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Britain said on Friday it had no immediate plans to withdraw its diplomats from North Korea but said it was discussing its next moves with its international partners, amid escalating nuclear tensions on the Korean peninsula.
"We are consulting international partners about these developments. No decisions have been taken, and we have no immediate plans to withdraw our embassy," the Foreign Office said in a statement.
Several European countries with embassies in Pyongyang have been told by North Korean authorities to consider evacuating their diplomats.
The North Korean foreign ministry told diplomatic missions it was "unable to guarantee the safety of embassies and international organisations present in the country in the event of conflict", the Foreign Office said.
"They invited the embassies and organisations present at the meeting to inform them by 10 April what assistance they would require from the DPRK (Democratic People's Republic of Korea) should they wish to be evacuated from DPRK or to be relocated elsewhere," it added in a statement.
Earlier, a Foreign Office spokeswoman said Pyongyang had warned in the notice that "from April 10 (it) would be unable to guarantee the safety of embassies and international organisations in the country in the event of conflict".
The spokeswoman said it was Britain's understanding that the North Koreans were asking countries whether they intended to leave, rather than advising them to leave.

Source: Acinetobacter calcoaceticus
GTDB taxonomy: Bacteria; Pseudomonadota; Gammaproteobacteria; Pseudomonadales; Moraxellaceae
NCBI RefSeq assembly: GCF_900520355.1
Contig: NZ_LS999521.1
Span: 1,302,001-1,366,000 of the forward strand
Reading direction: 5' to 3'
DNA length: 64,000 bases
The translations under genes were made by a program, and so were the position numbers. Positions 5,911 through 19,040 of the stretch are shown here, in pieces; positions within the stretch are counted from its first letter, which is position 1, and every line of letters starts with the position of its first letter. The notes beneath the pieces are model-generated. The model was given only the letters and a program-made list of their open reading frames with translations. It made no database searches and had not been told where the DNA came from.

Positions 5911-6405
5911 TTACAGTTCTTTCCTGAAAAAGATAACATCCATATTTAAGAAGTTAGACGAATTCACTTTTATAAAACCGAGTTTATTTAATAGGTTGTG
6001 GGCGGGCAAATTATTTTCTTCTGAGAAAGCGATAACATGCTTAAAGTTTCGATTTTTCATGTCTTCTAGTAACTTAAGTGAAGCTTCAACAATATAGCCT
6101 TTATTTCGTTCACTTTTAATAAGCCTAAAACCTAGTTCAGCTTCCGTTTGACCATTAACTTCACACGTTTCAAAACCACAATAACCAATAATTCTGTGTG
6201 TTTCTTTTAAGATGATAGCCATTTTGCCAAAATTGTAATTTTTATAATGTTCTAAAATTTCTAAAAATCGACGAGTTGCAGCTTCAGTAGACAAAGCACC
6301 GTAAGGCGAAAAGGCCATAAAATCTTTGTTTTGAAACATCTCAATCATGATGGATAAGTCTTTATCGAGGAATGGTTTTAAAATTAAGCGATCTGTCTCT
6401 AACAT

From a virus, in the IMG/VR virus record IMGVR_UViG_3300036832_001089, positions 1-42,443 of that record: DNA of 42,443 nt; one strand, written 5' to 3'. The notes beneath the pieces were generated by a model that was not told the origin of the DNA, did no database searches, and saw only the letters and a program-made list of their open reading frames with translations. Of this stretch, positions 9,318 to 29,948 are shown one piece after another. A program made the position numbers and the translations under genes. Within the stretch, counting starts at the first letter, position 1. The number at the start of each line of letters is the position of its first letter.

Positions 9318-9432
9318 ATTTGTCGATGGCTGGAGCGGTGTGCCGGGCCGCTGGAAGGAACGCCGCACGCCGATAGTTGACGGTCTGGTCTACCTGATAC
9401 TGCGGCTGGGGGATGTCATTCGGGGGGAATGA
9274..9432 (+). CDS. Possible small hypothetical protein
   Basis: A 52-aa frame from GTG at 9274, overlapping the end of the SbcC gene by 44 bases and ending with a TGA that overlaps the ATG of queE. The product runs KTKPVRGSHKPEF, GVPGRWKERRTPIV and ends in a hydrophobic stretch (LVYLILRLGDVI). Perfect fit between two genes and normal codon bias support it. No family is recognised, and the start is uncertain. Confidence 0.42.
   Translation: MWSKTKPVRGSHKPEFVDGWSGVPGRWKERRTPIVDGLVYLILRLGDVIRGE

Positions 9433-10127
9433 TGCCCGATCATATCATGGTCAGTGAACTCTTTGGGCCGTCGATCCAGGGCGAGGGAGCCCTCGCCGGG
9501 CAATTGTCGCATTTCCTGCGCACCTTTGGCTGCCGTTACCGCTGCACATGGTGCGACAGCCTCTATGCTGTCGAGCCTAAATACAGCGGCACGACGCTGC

Russia, which has relatively close ties with the North Korean regime, also received the notice and is in close contact with partners including China over its implications, Foreign Minister Sergei Lavrov said.
"The suggestion was made to all embassies in Pyongyang and we are trying to clarify the situation," Russian news agencies quoted Lavrov as saying on a visit to Uzbekistan.
The diplomatic escalation of the crisis came as an increasingly bellicose North Korea moved two mid-range missiles to its east coast.
The regime of young North Korean leader Kim Jong-Un has issued apocalyptic threats in recent weeks, incensed by fresh UN sanctions as well as joint military drills by the US and South Korea.
Britain condemned North Korea's intensifying warnings of nuclear war as "provocations", and urged Pyongyang to "work constructively with the international community, including over the presence of foreign embassies".